Over 500,000 Travelers from China Flooded US at Height of Country’s Outbreak
Travel data showed that 759,493 people entered the United States from China when the disease was ravaging across that country in December, January and February before Trump closed the United States borders.
That number included 228,000 Americans and 500,000 foreigners.
“This is an astonishing number in a short period of time, illustrating how globalized our world has become,” said Dr. Vinayak Kumar, an internal medicine resident at the Mayo Clinic. “Just as people can hop continents with amazing ease, the infections they carry can too.”
“It is difficult to estimate the portion of travelers coming from China to the U.S. with COVID-19, but fair to speculate that a large number might have been infected at the time of travel,” Wildes told ABC.
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“The United States banned travel to China 12 days after the world heard there was an outbreak of severe pneumonia in Wuhan. … The problem was, it was too late,” said Dr. Todd Ellerin, chief of Infectious Disease at South Shore Health and an ABC News Consultant.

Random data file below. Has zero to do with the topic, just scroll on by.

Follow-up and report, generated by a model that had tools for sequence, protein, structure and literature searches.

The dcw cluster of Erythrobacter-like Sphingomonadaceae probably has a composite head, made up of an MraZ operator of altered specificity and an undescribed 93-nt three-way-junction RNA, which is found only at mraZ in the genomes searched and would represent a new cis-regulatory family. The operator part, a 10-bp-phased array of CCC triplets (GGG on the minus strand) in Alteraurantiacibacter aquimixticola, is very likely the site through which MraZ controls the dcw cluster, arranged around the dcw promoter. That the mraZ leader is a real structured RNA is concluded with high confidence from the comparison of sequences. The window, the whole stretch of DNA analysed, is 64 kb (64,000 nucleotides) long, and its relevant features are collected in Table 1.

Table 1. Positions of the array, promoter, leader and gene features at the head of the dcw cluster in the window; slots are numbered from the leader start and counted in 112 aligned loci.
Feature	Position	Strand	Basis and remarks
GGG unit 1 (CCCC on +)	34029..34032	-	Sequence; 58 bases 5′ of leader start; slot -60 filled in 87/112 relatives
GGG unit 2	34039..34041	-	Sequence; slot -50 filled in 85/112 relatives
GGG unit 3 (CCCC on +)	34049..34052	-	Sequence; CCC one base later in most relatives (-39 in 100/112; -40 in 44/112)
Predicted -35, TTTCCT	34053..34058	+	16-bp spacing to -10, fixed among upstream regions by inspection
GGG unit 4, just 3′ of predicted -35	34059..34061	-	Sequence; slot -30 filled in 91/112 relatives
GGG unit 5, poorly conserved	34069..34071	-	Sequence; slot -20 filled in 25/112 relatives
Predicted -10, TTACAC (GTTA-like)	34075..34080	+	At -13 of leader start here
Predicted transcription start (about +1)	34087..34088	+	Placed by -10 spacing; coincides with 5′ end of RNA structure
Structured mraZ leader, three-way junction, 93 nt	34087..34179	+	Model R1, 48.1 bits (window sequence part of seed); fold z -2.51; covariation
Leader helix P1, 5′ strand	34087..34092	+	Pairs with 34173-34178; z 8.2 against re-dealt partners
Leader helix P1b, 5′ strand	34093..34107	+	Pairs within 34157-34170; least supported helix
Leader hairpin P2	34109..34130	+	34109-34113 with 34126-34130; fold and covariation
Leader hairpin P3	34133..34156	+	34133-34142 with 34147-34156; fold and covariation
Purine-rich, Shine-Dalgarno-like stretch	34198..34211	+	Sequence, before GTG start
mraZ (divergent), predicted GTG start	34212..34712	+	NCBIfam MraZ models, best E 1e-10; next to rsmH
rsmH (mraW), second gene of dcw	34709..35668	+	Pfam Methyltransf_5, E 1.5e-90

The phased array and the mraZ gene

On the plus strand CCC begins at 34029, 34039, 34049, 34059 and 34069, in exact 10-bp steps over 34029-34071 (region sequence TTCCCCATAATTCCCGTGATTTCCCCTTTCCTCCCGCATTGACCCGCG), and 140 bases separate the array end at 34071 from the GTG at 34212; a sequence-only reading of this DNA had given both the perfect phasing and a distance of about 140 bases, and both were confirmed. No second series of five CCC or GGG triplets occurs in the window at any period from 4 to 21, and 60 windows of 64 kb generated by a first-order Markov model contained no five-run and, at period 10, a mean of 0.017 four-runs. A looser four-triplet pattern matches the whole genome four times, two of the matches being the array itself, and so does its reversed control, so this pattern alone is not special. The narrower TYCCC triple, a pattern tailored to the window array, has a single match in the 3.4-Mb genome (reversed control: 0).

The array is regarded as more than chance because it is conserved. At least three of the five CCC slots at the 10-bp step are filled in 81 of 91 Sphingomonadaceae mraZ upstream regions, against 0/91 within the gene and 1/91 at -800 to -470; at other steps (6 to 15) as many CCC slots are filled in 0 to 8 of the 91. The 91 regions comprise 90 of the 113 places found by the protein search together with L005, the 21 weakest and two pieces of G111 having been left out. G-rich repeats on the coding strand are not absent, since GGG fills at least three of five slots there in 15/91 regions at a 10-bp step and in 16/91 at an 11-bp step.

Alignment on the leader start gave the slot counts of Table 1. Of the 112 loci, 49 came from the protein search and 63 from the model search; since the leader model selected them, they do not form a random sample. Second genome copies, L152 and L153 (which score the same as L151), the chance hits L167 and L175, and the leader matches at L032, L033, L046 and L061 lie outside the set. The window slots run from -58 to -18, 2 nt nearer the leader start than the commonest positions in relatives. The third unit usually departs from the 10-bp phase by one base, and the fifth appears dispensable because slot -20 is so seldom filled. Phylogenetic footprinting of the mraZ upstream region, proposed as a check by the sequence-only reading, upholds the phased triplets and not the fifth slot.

“Even though there had only been 12 confirmed cases in the U.S. on the day President Trump announces the travel ban, the reality was there were many more unconfirmed cases.”
Travel from Italy and Spain wasn’t restricted until March 13 and travel from the U.K. was regulated a few days later. Travel data from December through February showed that 343,402 people arrived in the U.S. from Italy, 418,848 from Spain and 1.9 million from Britain.
Combined with the people traveling from China, only half — about 1.5 million people — entering the United States were Americans returning home. It is still unclear how intensive the screening of Americans who returned home was during that time.
“The high volume of international travel, the lack of screening, the inconsistent hand-washing and cough control … these laid down the perfect conditions for a disease to spread,” Kumar said. “Add that to a virus that is both largely asymptomatic and has a prolonged infectious period, and you have got a perfect storm of factors for a pandemic.”
Questions have emerged about China’s lack of warning when the virus emerged as early as November, but experts say the world needs to work together to fight this pandemic.
“Could China have announced to the world a couple of weeks earlier that there was concern that a SARS-like outbreak was occurring? Possibly,” Ellerin said. “Could an immediate travel ban announced by China have slowed the spread of this virus even further? Likely.
“But, in the end, given the complexities of global travel and the insidious nature of this virus, even an immediate travel ban probably would not have fully contained this contagious pathogen,” she expalined.
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